Real estate by the numbers • 3 – Where Allstate ranks Fort Collins among the safest cities in the U.S. for drivers. The annual ranking looked at accident rates for cities. • $2,525,000 – The price paid by FMS Bank to acquire the former New Frontier Bank building at 2425 35th Avenue in west Greeley. The 21,339-square-foot building was sold by Liberty Savings Bank. • 9,320 – The square footage of the former Colorado Department of Motor Vehicles building on West Prospect Road in Fort Collins, which was recently purchased by Stone Creek Plaza LLC for $1.2 million. • $3 million – The price paid by Food Services of America to acquire a 15.5-acre lot at the Centre Point Business Park in Loveland. The land is next to Yancey’s Food Service facility, which Food Services of America purchased earlier this year. • 18,000 – The square footage for the new Cost Plus World Market that opened on September 13 in south Fort Collins. • $17 million – The estimated cost for Colorado State University to expand its Engines and Energy Conversion Laboratory. The expansion would triple the size of the lab, located at 430 N. College Ave. in Fort Collins, to 90,521 square feet. • 6,850 – The combined number of new freshman students who started classes in August at Colorado State University and the University of Northern Colorado. With 4,550 freshmen, CSU reported its largest incoming class in school history. • 85 – Ranking for Fort Collins-based OtterBox on the annual Inc. 500 list of the fastest growing companies in the U.S., with 3,312 percent growth over the past three years. • 46,389 – The square footage for the former auto dealership at 871 Champion Drive in Windsor. Investors recently paid $2,715,000 to buy the property.

Leaders in real estate History was recently made when–for a brief time–all three area boards of Realtors were headed at the same time by Group Partners. Don Tennessen was president of the Greeley Area Board of REALTORS® when Jeffrey Martin and Miki Roth were installed as presidents of the Fort Collins Board of REALTORS® and the LovelandBerthoud Association of REALTORS® respectively.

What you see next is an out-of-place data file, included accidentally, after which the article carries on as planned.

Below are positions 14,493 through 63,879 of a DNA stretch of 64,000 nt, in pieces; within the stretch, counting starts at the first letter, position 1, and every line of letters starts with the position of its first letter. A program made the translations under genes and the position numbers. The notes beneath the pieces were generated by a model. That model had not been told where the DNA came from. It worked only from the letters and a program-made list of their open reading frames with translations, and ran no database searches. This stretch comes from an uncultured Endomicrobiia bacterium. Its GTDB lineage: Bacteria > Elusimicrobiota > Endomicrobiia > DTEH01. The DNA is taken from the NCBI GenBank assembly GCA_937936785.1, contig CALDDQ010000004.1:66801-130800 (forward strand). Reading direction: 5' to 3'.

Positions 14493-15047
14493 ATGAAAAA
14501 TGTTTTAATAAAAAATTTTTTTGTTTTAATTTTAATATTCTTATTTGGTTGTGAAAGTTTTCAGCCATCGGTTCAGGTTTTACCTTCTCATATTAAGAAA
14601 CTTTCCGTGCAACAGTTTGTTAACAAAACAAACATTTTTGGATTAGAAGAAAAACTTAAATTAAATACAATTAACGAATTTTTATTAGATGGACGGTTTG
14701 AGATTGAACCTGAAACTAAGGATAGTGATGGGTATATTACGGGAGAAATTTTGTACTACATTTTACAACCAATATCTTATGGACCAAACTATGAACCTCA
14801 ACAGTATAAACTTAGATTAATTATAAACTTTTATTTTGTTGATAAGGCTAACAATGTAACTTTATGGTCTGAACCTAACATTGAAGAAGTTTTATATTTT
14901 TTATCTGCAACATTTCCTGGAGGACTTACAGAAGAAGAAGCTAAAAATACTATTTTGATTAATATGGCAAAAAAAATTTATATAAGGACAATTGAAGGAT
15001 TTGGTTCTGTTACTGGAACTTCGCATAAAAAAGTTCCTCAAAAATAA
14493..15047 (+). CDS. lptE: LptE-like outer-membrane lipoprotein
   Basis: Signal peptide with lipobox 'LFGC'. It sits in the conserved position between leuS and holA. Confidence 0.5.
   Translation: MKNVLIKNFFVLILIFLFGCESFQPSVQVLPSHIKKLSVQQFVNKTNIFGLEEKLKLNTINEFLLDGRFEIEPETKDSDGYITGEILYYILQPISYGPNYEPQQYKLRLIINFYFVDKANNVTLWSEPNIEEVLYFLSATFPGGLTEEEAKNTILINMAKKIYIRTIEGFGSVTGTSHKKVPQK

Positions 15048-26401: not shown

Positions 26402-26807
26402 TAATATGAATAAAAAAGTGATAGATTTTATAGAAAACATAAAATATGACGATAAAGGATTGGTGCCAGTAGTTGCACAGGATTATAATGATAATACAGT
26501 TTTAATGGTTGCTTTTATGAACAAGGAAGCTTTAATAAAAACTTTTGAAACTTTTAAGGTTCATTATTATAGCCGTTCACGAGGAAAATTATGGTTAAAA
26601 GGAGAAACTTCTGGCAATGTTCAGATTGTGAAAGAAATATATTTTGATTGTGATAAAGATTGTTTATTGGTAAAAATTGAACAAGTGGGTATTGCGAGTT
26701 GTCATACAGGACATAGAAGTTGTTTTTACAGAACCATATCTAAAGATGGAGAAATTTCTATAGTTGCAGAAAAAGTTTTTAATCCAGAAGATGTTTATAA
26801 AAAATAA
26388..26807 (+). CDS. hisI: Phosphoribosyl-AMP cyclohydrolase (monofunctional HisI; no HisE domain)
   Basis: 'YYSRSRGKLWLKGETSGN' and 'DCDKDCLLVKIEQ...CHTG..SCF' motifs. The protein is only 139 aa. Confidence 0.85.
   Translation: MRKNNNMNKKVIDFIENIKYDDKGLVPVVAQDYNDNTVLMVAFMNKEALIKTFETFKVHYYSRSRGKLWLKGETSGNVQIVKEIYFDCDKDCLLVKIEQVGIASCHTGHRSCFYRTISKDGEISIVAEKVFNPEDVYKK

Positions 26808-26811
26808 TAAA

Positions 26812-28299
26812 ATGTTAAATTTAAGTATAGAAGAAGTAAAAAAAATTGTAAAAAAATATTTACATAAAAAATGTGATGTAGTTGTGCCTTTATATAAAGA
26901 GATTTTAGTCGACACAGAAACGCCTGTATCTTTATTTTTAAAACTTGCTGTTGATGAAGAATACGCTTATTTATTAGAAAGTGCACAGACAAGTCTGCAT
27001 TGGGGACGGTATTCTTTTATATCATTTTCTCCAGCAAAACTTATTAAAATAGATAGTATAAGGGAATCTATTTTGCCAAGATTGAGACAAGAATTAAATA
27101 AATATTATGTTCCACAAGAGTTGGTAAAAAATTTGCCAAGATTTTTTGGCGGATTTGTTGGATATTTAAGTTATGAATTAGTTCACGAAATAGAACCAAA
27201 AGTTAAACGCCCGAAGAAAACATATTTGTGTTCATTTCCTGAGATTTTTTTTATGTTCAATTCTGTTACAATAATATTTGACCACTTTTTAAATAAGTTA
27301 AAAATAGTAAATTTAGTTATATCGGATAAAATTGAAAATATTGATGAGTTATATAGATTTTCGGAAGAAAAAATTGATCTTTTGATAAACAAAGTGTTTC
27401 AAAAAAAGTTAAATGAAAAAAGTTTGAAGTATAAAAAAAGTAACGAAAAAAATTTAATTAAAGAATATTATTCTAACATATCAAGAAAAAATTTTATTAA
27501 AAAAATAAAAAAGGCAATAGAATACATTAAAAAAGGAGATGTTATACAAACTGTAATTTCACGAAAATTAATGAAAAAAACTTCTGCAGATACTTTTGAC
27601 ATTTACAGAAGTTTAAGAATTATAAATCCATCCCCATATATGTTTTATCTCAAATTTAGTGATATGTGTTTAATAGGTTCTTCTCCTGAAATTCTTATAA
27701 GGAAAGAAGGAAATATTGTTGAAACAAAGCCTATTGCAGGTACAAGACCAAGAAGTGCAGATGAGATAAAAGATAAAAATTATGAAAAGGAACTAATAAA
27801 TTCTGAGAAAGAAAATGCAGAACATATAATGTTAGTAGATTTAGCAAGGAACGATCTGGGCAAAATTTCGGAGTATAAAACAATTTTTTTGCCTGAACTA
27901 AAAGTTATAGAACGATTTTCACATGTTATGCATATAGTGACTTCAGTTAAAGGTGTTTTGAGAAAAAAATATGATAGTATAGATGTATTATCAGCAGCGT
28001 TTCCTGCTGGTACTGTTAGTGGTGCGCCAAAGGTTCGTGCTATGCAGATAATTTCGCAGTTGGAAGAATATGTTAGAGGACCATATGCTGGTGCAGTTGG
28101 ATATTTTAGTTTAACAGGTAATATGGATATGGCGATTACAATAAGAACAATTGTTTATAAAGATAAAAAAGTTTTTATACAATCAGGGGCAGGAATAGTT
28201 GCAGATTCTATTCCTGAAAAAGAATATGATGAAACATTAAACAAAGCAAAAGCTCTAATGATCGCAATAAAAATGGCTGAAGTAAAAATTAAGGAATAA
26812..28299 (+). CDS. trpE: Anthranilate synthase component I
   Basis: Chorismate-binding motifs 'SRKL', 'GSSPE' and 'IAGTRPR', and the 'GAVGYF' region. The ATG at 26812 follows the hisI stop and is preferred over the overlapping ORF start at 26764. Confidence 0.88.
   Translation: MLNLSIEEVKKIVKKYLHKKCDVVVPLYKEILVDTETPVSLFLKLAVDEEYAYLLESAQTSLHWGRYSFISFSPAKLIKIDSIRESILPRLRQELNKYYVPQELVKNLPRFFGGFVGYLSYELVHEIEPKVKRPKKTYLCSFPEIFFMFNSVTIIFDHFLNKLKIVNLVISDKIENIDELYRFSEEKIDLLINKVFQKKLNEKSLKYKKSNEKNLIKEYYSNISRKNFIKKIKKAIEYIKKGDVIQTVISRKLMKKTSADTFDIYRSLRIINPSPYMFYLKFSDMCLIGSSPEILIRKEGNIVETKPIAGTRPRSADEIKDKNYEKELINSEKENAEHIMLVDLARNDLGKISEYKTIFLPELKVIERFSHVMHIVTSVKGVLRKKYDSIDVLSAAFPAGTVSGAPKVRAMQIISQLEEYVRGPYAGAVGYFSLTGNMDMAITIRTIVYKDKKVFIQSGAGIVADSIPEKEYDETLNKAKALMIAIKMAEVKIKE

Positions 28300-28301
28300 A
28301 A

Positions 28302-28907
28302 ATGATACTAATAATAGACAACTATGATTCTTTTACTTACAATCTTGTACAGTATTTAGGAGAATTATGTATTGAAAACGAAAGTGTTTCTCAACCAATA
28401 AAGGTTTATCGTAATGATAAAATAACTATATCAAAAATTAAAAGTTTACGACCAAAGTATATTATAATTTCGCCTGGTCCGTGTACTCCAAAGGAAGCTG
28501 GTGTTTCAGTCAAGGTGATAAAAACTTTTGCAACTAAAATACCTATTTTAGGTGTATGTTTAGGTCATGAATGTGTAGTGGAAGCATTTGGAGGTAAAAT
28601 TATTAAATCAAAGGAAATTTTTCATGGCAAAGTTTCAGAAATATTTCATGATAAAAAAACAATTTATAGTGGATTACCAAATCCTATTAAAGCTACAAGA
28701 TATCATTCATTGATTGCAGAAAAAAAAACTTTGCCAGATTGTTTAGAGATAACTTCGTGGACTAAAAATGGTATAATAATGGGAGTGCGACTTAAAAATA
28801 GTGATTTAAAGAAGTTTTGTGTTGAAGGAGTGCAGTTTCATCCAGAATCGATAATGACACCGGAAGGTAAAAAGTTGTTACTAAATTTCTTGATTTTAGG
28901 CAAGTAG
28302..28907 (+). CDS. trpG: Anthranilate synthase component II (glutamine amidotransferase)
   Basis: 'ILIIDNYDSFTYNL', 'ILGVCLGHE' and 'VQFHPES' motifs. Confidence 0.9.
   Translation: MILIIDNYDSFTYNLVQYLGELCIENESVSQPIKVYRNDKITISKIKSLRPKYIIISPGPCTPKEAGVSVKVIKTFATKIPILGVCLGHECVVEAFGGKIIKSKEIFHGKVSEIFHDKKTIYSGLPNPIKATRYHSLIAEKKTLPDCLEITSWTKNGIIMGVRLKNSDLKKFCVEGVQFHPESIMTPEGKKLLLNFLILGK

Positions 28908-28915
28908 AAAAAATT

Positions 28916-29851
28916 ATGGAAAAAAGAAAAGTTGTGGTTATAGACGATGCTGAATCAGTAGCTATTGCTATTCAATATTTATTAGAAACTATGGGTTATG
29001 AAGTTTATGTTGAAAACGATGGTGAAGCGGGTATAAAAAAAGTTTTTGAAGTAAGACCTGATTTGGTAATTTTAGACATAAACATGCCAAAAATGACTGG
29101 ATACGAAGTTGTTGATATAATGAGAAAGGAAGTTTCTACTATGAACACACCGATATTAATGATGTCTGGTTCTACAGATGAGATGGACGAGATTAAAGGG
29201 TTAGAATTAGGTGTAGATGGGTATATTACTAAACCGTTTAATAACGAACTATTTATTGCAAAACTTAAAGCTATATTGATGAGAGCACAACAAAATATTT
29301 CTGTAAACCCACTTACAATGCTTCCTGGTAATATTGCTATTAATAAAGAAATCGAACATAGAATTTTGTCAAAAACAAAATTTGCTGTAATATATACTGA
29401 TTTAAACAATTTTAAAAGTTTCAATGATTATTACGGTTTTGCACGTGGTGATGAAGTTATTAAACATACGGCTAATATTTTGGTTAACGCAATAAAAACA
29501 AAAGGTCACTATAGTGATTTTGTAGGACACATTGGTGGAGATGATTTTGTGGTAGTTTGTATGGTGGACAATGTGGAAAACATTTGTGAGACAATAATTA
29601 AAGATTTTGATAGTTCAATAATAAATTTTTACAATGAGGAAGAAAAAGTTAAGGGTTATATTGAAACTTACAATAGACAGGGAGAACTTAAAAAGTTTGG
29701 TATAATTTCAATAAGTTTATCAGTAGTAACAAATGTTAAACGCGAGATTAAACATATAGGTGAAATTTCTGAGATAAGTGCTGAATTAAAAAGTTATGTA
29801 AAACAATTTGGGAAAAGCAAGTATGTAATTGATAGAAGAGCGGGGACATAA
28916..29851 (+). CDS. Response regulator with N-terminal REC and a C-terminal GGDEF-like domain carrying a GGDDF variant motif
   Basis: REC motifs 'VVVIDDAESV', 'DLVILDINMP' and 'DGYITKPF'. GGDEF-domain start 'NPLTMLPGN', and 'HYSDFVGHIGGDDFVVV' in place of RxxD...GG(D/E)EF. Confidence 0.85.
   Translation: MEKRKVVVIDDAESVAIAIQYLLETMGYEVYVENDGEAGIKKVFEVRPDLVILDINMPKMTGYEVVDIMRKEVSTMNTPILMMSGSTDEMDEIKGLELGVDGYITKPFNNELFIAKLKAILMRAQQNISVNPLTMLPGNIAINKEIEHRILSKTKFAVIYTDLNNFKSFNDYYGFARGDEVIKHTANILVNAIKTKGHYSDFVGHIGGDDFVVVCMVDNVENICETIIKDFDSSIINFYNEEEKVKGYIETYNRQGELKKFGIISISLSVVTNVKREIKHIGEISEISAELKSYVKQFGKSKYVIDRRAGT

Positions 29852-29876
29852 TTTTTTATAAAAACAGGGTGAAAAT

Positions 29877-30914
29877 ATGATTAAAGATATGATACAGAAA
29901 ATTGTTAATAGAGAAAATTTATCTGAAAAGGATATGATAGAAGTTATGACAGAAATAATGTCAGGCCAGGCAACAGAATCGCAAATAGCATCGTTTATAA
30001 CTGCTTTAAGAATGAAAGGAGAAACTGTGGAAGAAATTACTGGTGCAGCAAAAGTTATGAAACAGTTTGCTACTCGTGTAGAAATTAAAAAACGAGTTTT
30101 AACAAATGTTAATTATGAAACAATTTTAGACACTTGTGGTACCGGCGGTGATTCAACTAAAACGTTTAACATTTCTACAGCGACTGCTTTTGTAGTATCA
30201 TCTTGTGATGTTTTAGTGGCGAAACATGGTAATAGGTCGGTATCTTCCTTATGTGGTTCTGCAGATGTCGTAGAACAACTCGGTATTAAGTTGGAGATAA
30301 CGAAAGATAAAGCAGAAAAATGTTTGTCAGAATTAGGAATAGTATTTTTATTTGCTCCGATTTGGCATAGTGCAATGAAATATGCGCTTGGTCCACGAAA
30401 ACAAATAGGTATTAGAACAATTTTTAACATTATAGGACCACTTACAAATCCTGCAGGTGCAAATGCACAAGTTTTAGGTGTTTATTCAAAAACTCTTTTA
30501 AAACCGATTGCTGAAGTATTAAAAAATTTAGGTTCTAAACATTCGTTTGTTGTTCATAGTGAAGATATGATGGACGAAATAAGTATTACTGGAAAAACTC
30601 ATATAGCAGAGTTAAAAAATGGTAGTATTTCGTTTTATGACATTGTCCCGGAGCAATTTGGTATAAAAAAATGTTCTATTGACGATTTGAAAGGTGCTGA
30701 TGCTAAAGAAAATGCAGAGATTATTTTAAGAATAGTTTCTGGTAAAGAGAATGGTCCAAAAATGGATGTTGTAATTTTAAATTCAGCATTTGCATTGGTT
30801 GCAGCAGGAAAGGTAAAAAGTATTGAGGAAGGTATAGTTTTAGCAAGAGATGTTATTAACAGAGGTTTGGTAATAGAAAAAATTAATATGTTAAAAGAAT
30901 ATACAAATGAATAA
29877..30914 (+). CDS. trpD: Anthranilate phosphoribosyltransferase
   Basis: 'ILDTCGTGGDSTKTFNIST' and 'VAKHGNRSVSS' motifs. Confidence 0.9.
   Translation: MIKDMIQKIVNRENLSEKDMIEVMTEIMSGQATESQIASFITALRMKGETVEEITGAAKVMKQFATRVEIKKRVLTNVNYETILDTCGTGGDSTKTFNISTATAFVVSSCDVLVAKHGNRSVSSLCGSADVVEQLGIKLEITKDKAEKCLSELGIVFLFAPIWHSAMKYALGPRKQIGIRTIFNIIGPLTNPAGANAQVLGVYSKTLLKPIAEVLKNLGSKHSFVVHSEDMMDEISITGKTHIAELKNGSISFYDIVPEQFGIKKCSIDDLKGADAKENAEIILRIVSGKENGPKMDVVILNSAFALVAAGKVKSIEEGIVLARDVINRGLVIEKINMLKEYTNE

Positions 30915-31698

Additionally, a number of Group Partners serve as directors for their local boards and at the state level. The Loveland-Berthoud Association of REALTORS® also selected Miki Roth as its 2012 Realtor of the Year, recognizing her service to the organization and work in the Loveland community.


If you know someone who would like to receive this newsletter, please call me. Horsetooth Office (970) 223-0700 375 E. Horsetooth Road, Fort Collins, CO 80525 Harmony Office (970) 229-0700

Mulberry Office (970) 221-0700

Centerra Office (970) 613-0700

Loveland Office (970) 663-0700

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A quarterly snapshot of Northern Colorado’s economic activity

Likely Direction in Next 6 Months Mortgage Rates Sept ’12 3.5%

Sept ’11 4.125%

Existing Single-Family Home Sales Fort Collins Area 2Q 2012 842 2Q 2011 702 2Q 2010 832

Sept ’10 4.375%

Forecast Record-low rates are expected to continue

Greeley Area 600 581 627

Loveland Area 461 380 422

Windsor Area 205 165 151

Single-Family Homes Listed During Quarter Fort Collins Area Greeley Area 2Q 2012 1,143 900 2Q 2011 1,129 739 2Q 2010 1,199 885

Loveland Area 653 590 657

Windsor Area 304 263 229

As prices increase more properties will come on the market

Average Existing Single-Family Sales Price Fort Collins Area Greeley Area 2Q 2012 $282,009 $184,510 2Q 2011 $272,142 $159,760 2Q 2010 $268,348 $164,059

Loveland Area $261,607 $232,935 $241,678

Windsor Area $297,443 $308,273 $309,720

Low inventory combined with increased demand will push prices up

Apartment Vacancy Rates* 2Q 2012 2Q 2011 2Q 2010

*Source: Colorado Division of Housing

Fort Collins Area 3.5% 6.4% 7.9%

Greeley/Weld Area 5.4% 6.7% 6.3%

Commercial Vacancy Rates

Industrial Retail Office

June ’12 Fort Collins Greeley Area Area 4% 18% 8% 10% 8% 9%

Sources: Sperry Van Ness/The Group Commercial, IRES, Colorado Department of Local Affairs

Loveland Area 16% 5% 11%

Loveland Area 3.5% 5.2% 4.1%

June ’11 Fort Collins Greeley Area Area 5% 8% 8% 11% 10% 7%

Loveland Area 16% 6% 11%

Home sales traditionally increase in the 2nd quarter

Vacancy rates should remain low

Vacancy rates will continue to improve


Insider Vol 36, No 9